Santa Fe, NM — The National Center for Genome Resources (NCGR), announced today a $1.7 million grant from the National Science Foundation (NSF) to develop a Virtual Plant Information Network (VPIN), in collaboration with Cold Spring Harbor Laboratory (CSHL), Cold Spring Harbor, NY, and The Institute for Genomic Research (TIGR), Rockville, MD. The VPIN will be the first large-scale implementation of a semantic information network for biological research.
Today, vast amounts of information are dispersed across a wide variety of web sites. There are not, however, broadly-accepted standards across these sites for computers to automatically search and retrieve this data on a high-throughput basis. Computer programs must be tailored individually to each site. Because of this, researchers expend considerable effort finding, retrieving, and transferring biological information between websites.
The VPIN will greatly advance semantic web development for biologists by allowing multiple plant information web sites to associate their data and services with publicly accessible ontologies—classification systems that relate concepts and definitions with an underlying system of relationships—thereby improving the accuracy of descriptions of web data and services. This accelerates discovery and facilitates use of information by researchers.
The VPIN is an extension of previous NSF-funded semantic web development BioMoby and of the recently announced Legume Information Network.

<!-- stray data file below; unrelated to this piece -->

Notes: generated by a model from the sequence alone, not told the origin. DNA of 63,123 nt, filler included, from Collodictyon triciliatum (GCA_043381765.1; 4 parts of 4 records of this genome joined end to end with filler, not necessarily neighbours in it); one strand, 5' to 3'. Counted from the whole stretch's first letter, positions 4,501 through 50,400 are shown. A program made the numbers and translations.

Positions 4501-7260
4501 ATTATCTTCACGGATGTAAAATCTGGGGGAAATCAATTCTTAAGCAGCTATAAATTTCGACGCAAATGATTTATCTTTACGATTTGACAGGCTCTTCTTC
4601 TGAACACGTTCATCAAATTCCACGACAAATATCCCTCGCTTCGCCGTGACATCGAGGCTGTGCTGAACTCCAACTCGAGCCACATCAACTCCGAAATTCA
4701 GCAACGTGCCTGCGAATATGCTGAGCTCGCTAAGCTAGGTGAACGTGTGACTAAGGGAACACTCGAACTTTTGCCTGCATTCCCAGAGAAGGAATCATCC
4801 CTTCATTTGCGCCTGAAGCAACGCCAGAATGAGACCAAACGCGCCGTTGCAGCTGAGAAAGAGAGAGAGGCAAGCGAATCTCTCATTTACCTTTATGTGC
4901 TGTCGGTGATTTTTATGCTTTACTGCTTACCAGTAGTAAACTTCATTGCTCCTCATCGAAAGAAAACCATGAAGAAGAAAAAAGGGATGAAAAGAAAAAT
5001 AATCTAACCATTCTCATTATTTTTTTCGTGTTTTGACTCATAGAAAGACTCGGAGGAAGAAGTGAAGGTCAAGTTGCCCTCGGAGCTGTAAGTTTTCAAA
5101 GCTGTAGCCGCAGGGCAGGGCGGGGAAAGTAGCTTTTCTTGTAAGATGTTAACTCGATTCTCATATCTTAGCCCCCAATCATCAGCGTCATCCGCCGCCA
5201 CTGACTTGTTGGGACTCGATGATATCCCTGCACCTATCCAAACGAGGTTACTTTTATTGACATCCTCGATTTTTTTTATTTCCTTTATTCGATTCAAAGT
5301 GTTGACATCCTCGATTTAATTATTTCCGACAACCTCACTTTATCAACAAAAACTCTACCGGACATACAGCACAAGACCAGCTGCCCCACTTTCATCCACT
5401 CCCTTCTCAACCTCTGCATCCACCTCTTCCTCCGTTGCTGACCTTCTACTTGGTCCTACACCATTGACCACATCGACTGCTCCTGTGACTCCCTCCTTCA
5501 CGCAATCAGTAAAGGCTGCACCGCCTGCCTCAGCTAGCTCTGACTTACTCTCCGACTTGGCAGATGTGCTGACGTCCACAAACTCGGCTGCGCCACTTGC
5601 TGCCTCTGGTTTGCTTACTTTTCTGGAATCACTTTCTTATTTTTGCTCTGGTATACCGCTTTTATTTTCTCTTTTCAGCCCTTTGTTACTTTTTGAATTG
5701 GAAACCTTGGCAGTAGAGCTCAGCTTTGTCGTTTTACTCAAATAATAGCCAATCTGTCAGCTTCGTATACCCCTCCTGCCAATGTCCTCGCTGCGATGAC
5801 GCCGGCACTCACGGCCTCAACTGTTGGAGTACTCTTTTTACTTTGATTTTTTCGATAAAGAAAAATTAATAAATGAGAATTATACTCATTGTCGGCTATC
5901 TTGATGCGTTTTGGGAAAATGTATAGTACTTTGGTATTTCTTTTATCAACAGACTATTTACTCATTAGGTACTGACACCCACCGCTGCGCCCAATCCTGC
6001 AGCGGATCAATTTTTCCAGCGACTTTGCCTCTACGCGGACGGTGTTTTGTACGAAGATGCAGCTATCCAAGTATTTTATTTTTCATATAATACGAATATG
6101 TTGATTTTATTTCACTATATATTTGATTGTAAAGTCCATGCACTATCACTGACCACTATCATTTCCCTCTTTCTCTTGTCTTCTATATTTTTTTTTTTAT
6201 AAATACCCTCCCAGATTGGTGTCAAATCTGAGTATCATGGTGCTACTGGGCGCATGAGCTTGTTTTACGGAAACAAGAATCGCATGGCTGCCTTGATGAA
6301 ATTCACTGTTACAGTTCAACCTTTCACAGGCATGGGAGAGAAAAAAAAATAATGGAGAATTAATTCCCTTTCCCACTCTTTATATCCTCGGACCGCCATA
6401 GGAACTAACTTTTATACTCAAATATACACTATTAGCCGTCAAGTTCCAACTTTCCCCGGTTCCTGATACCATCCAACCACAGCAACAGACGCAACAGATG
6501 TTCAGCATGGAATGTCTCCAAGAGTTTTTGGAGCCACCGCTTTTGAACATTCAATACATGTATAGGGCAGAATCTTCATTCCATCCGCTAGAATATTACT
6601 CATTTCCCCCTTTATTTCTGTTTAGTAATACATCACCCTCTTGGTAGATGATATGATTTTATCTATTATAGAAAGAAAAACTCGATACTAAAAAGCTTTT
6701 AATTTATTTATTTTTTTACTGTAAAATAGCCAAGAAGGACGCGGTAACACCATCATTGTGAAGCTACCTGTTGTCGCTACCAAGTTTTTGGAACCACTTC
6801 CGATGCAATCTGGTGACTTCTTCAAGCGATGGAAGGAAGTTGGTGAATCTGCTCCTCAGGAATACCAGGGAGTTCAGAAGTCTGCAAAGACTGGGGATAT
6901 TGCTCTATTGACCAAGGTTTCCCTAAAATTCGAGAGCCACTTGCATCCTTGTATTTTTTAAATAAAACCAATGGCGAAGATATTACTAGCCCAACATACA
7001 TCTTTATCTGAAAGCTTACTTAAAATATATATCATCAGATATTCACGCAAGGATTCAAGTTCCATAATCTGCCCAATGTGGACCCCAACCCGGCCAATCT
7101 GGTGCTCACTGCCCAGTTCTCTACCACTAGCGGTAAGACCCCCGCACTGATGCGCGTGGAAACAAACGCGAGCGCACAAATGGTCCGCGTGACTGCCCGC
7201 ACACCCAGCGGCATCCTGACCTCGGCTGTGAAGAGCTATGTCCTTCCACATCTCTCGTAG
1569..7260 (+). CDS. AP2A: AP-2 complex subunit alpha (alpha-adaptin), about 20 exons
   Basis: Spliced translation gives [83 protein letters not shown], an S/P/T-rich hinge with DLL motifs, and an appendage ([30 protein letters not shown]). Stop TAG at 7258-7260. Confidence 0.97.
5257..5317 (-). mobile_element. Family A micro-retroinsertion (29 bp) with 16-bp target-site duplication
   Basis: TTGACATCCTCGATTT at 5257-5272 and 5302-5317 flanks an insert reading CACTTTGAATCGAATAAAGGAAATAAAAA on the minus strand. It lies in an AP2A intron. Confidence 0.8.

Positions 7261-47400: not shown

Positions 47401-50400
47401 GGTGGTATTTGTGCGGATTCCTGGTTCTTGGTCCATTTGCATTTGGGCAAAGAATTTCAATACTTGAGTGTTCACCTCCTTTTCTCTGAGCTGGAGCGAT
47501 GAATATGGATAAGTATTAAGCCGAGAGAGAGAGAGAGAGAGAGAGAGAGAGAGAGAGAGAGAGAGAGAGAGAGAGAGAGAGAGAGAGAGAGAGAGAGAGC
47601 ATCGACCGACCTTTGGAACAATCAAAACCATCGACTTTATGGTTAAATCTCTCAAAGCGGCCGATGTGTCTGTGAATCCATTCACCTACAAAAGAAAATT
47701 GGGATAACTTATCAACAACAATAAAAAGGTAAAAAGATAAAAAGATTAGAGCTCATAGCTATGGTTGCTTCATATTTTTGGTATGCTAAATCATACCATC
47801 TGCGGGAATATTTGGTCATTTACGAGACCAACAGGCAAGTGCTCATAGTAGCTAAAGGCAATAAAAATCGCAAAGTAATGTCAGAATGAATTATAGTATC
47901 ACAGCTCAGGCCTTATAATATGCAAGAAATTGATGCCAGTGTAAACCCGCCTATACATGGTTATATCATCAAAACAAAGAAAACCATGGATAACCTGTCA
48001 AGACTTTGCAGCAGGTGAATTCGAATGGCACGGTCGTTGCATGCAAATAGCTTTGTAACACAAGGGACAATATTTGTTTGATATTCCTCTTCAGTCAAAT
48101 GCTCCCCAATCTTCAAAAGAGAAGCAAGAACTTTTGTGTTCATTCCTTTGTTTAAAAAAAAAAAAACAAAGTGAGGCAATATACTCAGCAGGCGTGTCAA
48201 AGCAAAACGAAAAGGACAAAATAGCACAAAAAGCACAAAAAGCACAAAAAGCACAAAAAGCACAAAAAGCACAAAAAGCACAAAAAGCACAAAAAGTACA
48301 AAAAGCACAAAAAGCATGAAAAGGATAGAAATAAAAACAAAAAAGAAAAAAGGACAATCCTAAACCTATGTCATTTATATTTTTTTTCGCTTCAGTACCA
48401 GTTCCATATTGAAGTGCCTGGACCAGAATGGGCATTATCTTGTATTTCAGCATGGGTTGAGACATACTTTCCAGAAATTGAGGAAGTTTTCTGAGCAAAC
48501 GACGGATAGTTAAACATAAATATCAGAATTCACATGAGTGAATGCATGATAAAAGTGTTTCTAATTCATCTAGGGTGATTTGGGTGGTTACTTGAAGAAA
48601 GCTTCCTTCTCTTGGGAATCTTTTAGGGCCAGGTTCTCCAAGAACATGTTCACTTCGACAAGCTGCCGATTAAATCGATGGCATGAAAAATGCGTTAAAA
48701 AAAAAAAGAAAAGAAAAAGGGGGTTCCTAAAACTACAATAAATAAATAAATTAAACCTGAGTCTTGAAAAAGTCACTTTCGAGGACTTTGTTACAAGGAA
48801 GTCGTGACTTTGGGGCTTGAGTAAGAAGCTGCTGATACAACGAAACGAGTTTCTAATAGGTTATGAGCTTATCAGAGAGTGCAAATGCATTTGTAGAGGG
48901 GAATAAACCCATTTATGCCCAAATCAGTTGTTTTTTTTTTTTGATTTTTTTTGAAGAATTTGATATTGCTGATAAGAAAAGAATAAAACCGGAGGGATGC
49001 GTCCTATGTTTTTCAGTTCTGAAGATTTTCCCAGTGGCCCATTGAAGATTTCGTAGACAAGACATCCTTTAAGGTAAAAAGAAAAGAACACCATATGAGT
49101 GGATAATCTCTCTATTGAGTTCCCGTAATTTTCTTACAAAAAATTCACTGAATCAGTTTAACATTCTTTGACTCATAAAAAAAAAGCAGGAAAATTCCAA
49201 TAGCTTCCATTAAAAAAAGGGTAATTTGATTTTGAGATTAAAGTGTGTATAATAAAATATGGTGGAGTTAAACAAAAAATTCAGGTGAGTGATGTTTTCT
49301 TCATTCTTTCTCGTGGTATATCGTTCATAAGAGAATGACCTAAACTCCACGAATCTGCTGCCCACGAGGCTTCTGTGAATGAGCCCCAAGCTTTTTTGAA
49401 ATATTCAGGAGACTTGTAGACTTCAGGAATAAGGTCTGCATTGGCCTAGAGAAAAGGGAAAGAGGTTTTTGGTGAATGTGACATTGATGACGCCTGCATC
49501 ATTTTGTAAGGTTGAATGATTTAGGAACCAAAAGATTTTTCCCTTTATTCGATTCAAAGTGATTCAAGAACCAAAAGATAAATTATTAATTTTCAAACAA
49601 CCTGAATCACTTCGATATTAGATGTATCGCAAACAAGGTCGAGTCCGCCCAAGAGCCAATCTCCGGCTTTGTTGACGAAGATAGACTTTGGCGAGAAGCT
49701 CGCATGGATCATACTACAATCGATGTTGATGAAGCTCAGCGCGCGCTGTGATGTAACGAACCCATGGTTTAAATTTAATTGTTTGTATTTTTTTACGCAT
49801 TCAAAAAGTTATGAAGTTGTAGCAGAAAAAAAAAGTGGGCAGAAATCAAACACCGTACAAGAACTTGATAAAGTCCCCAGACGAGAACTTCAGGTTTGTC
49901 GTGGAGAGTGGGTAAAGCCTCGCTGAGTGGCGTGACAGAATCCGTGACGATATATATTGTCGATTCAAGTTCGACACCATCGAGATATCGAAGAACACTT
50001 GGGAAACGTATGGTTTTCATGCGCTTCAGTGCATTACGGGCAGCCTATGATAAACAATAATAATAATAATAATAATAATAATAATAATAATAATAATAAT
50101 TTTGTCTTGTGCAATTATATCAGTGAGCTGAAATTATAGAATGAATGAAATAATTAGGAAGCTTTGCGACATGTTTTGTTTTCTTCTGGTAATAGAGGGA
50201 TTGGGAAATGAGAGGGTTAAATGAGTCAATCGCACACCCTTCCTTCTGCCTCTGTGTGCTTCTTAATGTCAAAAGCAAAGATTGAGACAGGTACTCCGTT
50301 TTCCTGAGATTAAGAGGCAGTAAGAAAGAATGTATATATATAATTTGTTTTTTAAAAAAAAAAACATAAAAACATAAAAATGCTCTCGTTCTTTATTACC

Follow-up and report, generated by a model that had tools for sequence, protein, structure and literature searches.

About the National Center for Genome Resources
NCGR is a non-profit research institute dedicated to improving human health and nutrition through collaborative research at the intersection of bioscience, computing and mathematics. NCGR has established a reputation for developing software that addresses the growing need to access, integrate and analyze research results generated at different locations, times, and with disparate biotechnologies.
About The Institute for Genomic Research
TIGR is a non-profit research center dedicated to deciphering and analyzing genomes. Since 1992, TIGR has been a genomics leader, conducting research critical to medicine, agriculture, energy, the environment, and biodefense.
Founded in 1890, Cold Spring Harbor Laboratory has shaped contemporary biomedical research and education with programs in cancer, neuroscience, plant biology and quantitative biology. Home to eight Nobel Prize winners, the private, not-for-profit Laboratory employs 1,100 people including 600 scientists, students and technicians. The Meetings & Courses Program annually hosts more than 12,000 scientists. The Laboratory’s education arm also includes an academic publishing house, a graduate school and the DNA Learning Center with programs for middle and high school students and teachers. For more information, visit www.cshl.edu